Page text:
Nearly three months into the year and I’m really happy with how my budgeting is going.
Don’t get me wrong. It’s certainly not perfect, and I’m definitely not completely “living on last month’s income” as YNAB instructs. But I’m getting there.
The big difference? I’m planning for the future. I’ve prioritized setting aside money each month for my big annual bills, like property taxes and insurance bills. So even though I feel like I’m still spending too much (and I am), my account balances are growing in preparation for those upcoming bills. So I’m focusing on the positives and figuring out better ways to continue my planning ahead. It’s really a great feeling. Of course, when those big bills come and I have to make those large payments and see the account balances plummet again, it will be a sad moment, but one I’ve prepared for.
For me, a big change has been that I have to be very careful about my immediate spending. Instant gratification is awesome. And online shopping is easy. Sales sites are tempting. The little things do add up, and they add up quickly.
One thing I need to do that I haven’t been is to specifically set aside some fun money each month. Money that can be spent on whatever I want. If I decide I want to buy a song on iTunes or a clown punching bag for the office (it was a discussion this week), if the fun money is there, I can buy it. Oddly enough, I spend more time debating a purchase that’s under $5 than I do a $20 purchase. I need to figure that one out. I guess I’ve spent so much time worrying about the little things that I’ve stopped focusing on the big picture.
As the weather starts to get nicer (though we had snow flurries to celebrate the beginning of spring), I’m spending more time outside and realizing that I need to be putting some money into my house. There are a number of projects that have been on my list since I bought my house five years ago that I still haven’t gotten to. It’s well past time. Some of them are going to be a bit expensive, others are just going to take a bit of work on my part but hopefully not too much money. Either way, it’s time to start setting aside money for home improvements and get moving on it.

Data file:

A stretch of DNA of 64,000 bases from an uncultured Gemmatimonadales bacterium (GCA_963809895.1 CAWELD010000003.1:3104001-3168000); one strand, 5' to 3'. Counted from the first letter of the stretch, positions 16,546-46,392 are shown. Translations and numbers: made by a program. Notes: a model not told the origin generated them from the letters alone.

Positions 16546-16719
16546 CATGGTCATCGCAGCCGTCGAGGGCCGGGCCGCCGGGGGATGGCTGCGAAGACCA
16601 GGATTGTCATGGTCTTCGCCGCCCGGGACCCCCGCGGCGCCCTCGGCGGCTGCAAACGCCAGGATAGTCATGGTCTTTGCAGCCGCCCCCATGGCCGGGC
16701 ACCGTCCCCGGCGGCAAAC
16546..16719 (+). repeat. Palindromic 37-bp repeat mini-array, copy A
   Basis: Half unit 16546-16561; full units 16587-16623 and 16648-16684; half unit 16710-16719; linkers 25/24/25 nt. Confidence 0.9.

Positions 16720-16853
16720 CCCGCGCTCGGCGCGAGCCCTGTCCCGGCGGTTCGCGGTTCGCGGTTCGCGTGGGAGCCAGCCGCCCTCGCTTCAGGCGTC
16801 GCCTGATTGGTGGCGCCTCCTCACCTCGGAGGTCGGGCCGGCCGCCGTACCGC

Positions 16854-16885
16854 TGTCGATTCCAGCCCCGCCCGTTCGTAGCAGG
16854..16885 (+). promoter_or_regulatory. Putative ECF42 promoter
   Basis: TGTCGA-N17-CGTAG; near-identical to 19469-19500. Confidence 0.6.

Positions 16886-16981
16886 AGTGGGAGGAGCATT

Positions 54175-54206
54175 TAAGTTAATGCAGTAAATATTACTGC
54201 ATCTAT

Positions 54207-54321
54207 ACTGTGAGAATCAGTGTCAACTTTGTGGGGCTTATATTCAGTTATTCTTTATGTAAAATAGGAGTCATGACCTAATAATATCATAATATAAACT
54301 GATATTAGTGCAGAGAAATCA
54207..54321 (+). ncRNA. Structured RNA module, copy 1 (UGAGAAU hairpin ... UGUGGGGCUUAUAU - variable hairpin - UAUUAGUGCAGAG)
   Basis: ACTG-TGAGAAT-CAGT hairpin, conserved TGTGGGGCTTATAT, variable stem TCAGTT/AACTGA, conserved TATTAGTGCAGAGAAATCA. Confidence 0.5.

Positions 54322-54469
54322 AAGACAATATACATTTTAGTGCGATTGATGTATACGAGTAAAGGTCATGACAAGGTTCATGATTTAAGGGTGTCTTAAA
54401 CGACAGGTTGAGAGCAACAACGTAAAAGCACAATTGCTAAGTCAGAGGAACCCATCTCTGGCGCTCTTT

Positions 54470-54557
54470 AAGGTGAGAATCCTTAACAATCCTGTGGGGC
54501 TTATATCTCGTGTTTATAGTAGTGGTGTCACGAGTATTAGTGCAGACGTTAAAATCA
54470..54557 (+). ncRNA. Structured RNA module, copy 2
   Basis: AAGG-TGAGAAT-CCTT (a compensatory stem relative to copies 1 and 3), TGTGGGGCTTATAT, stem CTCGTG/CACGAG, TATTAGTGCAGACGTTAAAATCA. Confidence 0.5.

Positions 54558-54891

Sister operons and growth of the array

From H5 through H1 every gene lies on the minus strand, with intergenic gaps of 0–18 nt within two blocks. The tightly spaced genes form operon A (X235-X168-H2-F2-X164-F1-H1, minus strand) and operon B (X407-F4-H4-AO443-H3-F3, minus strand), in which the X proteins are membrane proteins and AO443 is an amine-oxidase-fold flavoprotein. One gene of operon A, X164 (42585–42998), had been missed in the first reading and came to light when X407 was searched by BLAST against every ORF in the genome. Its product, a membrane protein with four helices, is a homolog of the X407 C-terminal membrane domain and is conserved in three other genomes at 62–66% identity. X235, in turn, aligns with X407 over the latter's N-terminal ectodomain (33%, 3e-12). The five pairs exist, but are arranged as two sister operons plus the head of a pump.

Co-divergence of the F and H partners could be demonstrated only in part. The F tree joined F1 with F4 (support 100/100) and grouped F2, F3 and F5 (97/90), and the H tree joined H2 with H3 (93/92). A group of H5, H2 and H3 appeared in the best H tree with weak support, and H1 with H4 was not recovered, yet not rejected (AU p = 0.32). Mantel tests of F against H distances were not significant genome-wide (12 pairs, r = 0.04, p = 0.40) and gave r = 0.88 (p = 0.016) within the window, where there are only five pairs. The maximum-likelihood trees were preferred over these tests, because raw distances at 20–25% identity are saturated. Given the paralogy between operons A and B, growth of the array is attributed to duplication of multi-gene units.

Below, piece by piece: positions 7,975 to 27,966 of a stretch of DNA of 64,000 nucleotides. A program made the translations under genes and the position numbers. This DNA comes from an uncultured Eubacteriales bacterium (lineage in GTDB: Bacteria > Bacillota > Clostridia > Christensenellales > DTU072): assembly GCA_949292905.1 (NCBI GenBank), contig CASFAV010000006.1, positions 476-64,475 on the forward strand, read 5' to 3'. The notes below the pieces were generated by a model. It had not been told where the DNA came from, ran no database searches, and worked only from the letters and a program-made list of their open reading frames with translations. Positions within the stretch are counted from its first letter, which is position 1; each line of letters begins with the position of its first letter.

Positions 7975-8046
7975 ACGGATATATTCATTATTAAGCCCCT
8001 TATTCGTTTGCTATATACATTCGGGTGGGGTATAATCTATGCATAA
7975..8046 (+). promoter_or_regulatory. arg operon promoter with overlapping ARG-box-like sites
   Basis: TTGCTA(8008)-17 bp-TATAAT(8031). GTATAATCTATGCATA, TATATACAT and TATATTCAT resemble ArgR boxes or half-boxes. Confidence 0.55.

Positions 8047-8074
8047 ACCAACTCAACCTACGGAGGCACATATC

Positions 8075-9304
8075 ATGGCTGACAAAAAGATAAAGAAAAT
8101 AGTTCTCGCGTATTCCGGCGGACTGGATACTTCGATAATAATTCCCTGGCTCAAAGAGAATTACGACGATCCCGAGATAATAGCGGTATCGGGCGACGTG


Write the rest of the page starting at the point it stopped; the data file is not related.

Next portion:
All in all, I’m really pleased with my budgeting. It’s far from perfect, but it’s a work in progress and it’s really going well. Budgeting is really about planning ahead and rolling with the punches.
How do you feel about your budget? Does it make you happy or does it fill you with dread? Do you feel like you’re making progress in your financial goals, whether that be saving for a specific purchase or paying off your debt? Whatever you do, don’t let the negative feelings creep in. Keep plugging away and keep working at it. Every dollar you save gets you one dollar closer to your goal.
Megan is a 30-something government employee in the Washington, DC area. She got interested in Personal Finance when she got out of college and realized that her paycheck wasn’t going to go as far as she had hoped. Since starting this blog, she has managed to buy a house and make a solid start on her retirement goals, and hopes to help others do the same. Here is her story:
In 2007, I was a gainfully employed 20-something with no debt but not a lot of knowledge about personal finance. It was a co-worker’s comment about Roth IRAs that sent me to the internet, searching for information. It was then that I realized that I really didn’t know a whole lot about personal finance and that my current financial situation was due a lot to inherent frugal tendencies, generous family members, a fear of debt, and good luck. While that was working for me, clearly I needed a better plan.
While I had no debt, I was also pretty much living paycheck to paycheck and not worrying about going over budget (I say this as if I had a real budget) because I had an emergency fund set aside to cover any overages.
Except that’s not what an emergency fund is for.
So I did a lot of research, read a lot of blogs, and decided that I needed a plan. I needed to budget. I needed to know what I was spending my money on. I needed to prepare for the future.
I decided to create a blog not only to make myself accountable to others but also to share the knowledge that I gained along the way. I’ve learned so much from my fellow bloggers, and I hope that my readers can find something useful in what I have to share as well.